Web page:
Zoning in on the U.S., IDC analysts said the domestic PC market is demonstrating "signs of recovery," although shipments were down by approximately 0.2 percent annually. These positive turnaround signs hovered mostly around Windows, including a wider range of Windows 8 devices available now along with a notable migration pattern from Windows XP to Windows 7.

HP took the crown once again for the U.S. PC market, followed by Dell, Apple, Lenovo, and Toshiba, respectively.

Within the top five, only Apple experienced a decline in market share on an annual basis, dropping by 11.2 percent.

But while also touting interest around Chromebooks during the quarter, IDC senior research analyst Rajani Singh, Sr. ended things with a gloomy outlook, remarking "the U.S. market has not changed much, with hopes for a small increase in Q4 followed by a challenging 2014."

Table via IDC

Topics: Tech Industry, Hardware, Hewlett-Packard, Lenovo, PCs

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7 comments
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  • The Win 8 touch UI needs to be coupled with touch hardware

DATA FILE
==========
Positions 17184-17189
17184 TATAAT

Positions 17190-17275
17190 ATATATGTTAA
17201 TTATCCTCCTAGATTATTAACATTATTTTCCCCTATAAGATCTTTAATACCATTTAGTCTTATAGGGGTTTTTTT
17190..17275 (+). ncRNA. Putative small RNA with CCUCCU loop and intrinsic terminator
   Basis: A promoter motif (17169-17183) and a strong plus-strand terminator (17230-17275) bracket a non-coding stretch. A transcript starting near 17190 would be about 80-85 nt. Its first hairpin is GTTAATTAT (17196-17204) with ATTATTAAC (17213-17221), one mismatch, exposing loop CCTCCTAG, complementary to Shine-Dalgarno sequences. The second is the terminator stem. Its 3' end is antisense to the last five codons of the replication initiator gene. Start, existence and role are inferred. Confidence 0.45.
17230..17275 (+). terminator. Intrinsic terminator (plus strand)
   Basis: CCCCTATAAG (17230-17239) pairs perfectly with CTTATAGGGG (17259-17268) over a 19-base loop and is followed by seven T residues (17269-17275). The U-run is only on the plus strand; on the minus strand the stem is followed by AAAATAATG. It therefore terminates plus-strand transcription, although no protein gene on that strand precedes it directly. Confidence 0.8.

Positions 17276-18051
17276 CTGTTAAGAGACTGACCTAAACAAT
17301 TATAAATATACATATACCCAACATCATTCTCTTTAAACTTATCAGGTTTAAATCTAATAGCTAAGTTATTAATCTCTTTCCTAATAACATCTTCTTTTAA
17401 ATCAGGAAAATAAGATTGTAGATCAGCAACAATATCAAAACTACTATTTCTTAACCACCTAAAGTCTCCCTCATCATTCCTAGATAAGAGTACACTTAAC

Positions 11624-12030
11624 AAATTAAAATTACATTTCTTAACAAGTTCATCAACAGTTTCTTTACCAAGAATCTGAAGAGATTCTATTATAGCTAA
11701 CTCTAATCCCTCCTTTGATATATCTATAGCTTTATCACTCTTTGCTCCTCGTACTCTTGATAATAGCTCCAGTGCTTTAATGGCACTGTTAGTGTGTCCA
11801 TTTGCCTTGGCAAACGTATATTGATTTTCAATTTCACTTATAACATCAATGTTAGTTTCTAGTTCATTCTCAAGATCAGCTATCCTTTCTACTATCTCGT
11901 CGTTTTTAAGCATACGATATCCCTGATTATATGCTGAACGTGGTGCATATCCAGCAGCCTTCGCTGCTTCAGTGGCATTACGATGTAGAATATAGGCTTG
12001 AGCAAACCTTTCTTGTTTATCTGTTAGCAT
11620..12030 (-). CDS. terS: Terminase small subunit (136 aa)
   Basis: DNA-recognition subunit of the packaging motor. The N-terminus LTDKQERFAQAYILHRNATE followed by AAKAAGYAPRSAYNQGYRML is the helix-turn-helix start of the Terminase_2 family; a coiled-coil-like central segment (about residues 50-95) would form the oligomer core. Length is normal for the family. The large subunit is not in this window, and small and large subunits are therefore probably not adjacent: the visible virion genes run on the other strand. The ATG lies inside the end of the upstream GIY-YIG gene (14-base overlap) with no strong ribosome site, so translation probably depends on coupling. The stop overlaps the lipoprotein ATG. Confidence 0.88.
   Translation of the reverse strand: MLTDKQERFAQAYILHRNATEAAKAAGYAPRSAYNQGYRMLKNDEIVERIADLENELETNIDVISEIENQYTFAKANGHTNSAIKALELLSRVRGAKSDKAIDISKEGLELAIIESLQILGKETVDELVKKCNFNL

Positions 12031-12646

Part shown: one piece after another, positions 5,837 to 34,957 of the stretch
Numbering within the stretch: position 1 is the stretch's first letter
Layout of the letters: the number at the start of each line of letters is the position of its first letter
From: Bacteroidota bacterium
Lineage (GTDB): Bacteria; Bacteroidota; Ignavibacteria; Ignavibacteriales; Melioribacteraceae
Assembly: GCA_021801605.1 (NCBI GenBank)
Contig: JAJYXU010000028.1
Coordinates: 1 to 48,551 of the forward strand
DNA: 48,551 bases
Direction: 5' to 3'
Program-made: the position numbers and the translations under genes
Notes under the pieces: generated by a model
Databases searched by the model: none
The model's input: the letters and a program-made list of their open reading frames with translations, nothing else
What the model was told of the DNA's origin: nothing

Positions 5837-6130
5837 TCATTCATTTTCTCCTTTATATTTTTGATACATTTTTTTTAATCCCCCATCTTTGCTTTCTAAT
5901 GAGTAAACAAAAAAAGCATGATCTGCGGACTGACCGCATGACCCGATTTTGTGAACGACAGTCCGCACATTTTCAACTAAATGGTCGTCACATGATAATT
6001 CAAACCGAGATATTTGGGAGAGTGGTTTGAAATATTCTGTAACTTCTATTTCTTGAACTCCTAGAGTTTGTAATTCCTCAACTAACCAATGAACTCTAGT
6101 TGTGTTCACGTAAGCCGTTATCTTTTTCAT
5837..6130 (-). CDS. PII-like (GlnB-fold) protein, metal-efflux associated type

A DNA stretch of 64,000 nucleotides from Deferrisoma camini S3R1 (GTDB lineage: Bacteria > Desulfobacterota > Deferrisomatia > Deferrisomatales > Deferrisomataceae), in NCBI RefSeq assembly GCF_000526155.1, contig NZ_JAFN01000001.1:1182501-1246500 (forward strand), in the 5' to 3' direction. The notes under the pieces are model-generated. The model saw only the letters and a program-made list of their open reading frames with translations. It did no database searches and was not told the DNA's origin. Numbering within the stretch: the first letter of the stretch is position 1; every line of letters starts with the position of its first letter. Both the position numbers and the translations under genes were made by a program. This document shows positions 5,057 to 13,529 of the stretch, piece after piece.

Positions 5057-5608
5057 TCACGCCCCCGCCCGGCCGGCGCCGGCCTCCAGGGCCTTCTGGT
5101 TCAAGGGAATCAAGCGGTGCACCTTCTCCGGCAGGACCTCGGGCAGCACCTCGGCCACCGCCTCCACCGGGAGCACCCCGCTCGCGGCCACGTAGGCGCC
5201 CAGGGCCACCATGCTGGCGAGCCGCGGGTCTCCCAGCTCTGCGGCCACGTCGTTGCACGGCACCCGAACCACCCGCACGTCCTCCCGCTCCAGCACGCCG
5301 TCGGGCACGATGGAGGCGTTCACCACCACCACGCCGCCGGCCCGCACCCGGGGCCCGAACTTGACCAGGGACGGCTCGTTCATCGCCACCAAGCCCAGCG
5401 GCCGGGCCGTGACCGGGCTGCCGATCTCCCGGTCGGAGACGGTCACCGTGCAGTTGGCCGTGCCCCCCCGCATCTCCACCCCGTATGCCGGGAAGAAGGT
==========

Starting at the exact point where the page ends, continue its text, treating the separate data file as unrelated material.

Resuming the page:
"Zoning in on the U.S., IDC analysts said the domestic PC market is demonstrating "signs of recovery," although shipments were down by approximately 0.2 percent annually. These positive turnaround signs hovered mostly around Windows, including a wider range of Windows 8 devices available now along with a notable migration pattern from Windows XP to Windows 7."

    MS' strategy of placing Win 8 touch oriented machines first in retail seems to be working. Selling Win 8 on non-touch machines have been the problem all along. OEMs need to stop selling Win 8 on non-touch machines ASAP. This significantly undermines sales.
    P. Douglas
  • Ouch

    Those are horrible numbers for Acer and Asus.

    Possible merger of the two ?
    Alan Smithie
    • I wouldn't hope Acer onto anyone

      They make low end low quality devices, but do not price them accordingly.

      I wish Asus would put some of their designs from their Android devices towards Windows 8.1 devices. They are not exactly the brand name I look for when buying laptops/desktops. Tablets on the other hand, very much.
      Emacho